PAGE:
Paid Sick Days Passed!

psdwin

  WHEN WE FIGHT WE WIN!

  City Council Overwhelmingly Votes in Favor of Paid   Sick    Days

  Coalition of over 25 organizations cheers this              historic vote

Pittsburgh – City Council overwhelmingly voted this        morning in favor of legislation that allows all workers in    Pittsburgh to earn Paid Sick Days. This legislation strongly    protects the public health and ensures that employees don’t have to choose between going to work sick and staying home and losing their paycheck.

The coalition of over 25 public health groups, community organizations, labor unions, faith and environmental groups that has been pushing this legislation cheered the vote.

“This is a historic vote by City Council in support of the public health and working people in Pittsburgh” said Barney Oursler, Executive Director of Pittsburgh United, the coordinating organization for the coalition as he presented thousands of petition signatures the coalition gathered in support of the legislation. “Paid Sick Days are good for workers, good for businesses, and good for our communities. This legislation helps put Pittsburgh on he map as a leading city for the new economy. We are part of a national movement to make sure the economy works for everyone. We need this to attract top quality workers and the businesses that hire them.”

City residents packed City Council chambers this morning to support the passage of paid sick days legislation. They were joined by the leaders of coalition organizations who spoke out in support of City Council’s vote.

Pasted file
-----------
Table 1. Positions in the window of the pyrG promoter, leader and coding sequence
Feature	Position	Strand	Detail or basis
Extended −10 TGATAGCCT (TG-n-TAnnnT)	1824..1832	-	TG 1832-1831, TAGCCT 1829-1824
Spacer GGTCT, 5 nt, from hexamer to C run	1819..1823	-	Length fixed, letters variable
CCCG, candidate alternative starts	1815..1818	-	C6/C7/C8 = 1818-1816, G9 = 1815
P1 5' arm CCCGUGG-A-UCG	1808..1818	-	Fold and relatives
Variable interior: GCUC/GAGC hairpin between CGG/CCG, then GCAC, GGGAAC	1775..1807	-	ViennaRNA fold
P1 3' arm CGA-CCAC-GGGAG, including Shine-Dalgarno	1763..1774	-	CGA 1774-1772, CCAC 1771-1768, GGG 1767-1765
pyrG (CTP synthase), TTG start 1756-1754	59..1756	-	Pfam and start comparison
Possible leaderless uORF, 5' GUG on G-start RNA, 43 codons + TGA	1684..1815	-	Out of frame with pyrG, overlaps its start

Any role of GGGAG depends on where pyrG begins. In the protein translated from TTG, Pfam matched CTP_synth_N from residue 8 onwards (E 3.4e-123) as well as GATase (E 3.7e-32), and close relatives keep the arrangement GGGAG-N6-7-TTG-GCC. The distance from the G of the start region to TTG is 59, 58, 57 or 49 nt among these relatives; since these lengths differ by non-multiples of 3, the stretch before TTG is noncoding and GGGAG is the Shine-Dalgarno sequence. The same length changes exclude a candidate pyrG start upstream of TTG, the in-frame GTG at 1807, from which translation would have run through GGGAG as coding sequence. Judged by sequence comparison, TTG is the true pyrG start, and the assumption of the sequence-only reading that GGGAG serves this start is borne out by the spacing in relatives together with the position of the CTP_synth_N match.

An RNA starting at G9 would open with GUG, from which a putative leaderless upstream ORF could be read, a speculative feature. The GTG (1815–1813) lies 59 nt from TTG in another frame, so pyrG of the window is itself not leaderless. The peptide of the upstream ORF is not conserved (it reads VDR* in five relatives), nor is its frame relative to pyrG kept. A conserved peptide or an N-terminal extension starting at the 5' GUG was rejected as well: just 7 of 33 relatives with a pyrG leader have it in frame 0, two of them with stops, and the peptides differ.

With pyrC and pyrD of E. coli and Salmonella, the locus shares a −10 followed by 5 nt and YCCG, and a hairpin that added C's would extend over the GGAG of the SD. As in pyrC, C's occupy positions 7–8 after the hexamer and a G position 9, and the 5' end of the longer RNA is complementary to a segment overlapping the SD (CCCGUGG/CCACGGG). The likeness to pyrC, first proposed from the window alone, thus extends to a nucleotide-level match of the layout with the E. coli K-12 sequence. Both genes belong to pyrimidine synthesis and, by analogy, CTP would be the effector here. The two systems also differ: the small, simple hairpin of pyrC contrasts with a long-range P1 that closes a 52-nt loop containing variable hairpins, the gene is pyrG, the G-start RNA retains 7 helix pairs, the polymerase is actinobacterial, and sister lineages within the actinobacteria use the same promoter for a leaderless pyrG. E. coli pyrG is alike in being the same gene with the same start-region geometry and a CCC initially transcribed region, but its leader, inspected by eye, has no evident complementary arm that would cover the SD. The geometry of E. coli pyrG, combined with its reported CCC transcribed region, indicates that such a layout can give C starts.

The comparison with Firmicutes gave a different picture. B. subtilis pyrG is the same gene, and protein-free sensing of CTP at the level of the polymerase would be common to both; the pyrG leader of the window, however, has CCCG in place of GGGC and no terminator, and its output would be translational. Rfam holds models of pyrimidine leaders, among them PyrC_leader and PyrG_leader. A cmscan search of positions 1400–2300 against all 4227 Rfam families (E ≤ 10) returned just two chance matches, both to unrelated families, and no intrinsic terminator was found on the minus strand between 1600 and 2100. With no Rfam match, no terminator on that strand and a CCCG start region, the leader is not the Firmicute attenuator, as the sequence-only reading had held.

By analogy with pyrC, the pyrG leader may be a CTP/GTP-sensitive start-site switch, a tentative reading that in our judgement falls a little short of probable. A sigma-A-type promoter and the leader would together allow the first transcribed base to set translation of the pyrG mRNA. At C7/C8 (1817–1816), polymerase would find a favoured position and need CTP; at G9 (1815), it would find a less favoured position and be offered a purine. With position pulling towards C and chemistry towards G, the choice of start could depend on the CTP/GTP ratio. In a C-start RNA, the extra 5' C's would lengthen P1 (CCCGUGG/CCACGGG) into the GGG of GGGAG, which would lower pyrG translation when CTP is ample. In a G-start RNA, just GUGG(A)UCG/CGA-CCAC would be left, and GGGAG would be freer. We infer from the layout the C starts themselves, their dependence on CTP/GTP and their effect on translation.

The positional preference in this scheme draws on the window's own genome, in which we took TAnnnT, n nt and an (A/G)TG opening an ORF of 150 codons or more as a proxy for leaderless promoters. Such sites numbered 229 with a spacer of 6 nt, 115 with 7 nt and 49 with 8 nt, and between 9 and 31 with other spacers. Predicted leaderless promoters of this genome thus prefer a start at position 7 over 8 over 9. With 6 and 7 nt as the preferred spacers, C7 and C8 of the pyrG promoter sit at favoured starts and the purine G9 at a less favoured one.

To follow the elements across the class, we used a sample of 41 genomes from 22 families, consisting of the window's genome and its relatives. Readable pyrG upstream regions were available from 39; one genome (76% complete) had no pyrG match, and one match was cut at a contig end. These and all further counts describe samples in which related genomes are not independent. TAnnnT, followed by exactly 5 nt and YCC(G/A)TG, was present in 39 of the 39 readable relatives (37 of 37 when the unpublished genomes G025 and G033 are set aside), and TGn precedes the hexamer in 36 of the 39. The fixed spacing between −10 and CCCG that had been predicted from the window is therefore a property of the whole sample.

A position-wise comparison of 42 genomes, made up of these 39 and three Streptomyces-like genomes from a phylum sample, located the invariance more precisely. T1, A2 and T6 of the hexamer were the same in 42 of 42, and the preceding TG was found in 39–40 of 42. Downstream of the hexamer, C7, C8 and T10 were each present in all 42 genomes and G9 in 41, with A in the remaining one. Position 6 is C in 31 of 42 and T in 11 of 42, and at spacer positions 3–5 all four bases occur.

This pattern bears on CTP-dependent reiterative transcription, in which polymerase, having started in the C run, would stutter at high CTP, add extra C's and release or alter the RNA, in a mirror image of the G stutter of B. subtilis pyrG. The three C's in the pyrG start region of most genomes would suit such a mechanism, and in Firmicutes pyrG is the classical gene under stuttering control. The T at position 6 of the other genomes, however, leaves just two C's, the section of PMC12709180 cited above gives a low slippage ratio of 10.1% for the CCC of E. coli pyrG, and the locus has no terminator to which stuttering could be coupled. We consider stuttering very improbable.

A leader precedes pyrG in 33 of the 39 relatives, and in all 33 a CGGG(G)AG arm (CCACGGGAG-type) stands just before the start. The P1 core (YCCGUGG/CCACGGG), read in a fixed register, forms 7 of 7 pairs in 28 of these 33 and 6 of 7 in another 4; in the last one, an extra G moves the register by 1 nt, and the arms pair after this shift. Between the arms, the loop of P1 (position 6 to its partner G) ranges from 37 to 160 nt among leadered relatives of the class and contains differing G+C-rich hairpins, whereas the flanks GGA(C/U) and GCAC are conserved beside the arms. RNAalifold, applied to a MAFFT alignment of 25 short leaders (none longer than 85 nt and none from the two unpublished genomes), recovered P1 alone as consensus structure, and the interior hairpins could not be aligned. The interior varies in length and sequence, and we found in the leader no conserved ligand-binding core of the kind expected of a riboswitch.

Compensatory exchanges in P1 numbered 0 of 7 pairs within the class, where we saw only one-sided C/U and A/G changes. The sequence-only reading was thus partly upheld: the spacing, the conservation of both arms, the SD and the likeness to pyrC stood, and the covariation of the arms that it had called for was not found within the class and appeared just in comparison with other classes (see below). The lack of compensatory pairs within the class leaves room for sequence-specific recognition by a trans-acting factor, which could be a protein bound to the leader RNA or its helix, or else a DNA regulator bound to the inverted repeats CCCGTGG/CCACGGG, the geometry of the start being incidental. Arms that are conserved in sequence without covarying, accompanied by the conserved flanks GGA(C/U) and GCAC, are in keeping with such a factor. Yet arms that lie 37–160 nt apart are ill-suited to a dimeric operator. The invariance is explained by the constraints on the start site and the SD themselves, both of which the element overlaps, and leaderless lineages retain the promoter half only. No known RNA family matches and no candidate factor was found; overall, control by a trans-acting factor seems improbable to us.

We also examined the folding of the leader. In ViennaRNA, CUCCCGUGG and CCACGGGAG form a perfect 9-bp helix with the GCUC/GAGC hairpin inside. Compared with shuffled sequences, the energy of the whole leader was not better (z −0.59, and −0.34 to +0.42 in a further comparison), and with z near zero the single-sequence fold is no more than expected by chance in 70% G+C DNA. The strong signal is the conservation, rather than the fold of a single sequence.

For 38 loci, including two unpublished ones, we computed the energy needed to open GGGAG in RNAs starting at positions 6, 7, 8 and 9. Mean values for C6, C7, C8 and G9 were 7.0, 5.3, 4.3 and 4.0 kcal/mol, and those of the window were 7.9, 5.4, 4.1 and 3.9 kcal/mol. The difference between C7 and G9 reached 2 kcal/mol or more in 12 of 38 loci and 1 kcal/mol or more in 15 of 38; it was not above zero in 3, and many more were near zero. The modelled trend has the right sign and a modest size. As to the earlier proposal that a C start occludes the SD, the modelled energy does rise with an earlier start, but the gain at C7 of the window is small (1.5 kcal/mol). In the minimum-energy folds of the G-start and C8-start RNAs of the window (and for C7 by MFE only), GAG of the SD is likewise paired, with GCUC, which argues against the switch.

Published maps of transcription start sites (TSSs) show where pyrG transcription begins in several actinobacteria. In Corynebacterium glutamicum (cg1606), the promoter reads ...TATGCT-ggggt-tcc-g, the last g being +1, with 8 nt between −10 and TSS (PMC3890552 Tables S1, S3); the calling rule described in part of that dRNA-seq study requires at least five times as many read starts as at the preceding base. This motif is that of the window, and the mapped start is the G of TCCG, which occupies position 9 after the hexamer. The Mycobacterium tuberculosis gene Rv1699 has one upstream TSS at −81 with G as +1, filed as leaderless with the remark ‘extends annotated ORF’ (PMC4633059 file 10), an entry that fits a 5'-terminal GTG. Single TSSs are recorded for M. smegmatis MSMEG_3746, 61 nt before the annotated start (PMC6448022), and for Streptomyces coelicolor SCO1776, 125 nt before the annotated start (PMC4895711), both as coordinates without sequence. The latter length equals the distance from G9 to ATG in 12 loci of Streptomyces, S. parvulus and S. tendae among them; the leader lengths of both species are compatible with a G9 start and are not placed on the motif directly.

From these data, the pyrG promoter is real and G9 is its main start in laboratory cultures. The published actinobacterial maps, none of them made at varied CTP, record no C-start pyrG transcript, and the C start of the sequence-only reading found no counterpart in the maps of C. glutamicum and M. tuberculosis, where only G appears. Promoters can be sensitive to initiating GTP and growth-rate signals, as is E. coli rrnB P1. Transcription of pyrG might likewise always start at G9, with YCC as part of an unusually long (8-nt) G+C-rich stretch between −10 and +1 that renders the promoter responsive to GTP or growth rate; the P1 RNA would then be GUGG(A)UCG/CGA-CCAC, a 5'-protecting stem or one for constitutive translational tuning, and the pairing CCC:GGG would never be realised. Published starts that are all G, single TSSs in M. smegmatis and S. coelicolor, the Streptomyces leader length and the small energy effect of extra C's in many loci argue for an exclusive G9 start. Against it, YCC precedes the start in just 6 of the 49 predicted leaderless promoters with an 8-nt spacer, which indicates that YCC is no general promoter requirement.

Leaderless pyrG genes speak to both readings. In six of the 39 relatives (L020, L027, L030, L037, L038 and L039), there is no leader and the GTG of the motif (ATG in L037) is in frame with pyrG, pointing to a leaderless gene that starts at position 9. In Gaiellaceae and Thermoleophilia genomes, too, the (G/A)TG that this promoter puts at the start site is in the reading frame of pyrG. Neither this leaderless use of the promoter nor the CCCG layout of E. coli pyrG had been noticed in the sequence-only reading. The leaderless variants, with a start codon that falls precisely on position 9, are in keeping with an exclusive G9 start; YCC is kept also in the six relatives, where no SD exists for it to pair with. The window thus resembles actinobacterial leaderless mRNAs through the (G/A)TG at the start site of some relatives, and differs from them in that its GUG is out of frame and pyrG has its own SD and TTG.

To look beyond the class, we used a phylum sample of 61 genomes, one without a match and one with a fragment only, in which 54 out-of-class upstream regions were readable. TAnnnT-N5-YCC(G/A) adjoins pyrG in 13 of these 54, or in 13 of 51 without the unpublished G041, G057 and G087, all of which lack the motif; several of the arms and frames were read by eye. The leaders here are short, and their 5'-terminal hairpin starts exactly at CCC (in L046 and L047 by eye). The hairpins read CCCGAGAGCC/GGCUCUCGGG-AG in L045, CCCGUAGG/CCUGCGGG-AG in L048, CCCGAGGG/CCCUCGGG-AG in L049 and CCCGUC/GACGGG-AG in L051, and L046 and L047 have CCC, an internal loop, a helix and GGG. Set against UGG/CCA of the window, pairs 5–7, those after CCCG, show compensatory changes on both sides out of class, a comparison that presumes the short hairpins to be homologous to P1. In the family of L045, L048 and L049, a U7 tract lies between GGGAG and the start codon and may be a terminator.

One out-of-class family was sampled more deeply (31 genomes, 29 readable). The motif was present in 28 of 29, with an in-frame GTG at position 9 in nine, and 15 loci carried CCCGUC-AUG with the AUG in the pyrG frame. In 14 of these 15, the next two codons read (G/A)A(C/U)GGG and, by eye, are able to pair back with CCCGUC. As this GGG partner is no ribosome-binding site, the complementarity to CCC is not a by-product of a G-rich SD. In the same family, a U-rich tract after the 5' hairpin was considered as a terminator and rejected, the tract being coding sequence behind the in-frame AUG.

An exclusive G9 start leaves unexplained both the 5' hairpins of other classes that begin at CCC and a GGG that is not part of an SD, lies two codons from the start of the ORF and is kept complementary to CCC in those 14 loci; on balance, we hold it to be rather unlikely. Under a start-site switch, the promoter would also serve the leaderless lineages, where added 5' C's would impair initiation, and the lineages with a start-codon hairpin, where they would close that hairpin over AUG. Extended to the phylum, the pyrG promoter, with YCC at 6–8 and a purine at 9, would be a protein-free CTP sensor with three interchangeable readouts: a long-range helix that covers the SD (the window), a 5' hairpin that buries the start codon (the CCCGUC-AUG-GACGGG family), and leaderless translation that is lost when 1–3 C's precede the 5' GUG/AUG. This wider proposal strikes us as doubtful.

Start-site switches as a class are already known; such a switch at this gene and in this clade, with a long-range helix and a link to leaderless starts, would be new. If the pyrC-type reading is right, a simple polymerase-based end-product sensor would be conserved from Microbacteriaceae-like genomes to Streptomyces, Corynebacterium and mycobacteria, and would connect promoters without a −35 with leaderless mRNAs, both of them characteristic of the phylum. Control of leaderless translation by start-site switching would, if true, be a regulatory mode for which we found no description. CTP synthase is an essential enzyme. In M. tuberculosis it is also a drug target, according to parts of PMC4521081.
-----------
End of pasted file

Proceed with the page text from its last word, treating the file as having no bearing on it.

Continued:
“Today, City Council took a stand in support of working people in Pittsburgh.” said Tony Helfer, Director of the United Food and Commercial Workers Local 23. “City Council did not let fear mongering by national right-wing talking points overcome the voices of the thousands of Pittsburghers who spoke of why we need Paid Sick Days.”

Paid Sick Days legislation was crafted specifically to target the public health. At a public hearing last week, Sharyce Green, a nurse who has been outspoken on the need for paid sick days to protect public health, explained the connection.

“As a nurse, I see the how rapid the common cold and flu can spread whether it is in the hospital emergency room or the classroom. Paid sick days gives people an opportunity to stay home and get well, while not threatening the livelihood of those who so desperately need to work.”

Minorities and women in low-wage jobs are disproportionately impacted by a lack of paid sick days. In fact, many low-wage workers live paycheck to paycheck and cannot afford to risk losing a day’s pay if they stay home to nurse an illness.  “I dot want to go to work sick, not only because I don’t perform well, but also because I know I’m getting my co-workers and customers sick.  But if I don’t go to work I risk my job and I have to figure out what bill not to pay or what food not to buy.” said James Conway, a 25 year veteran of the restaurant industry.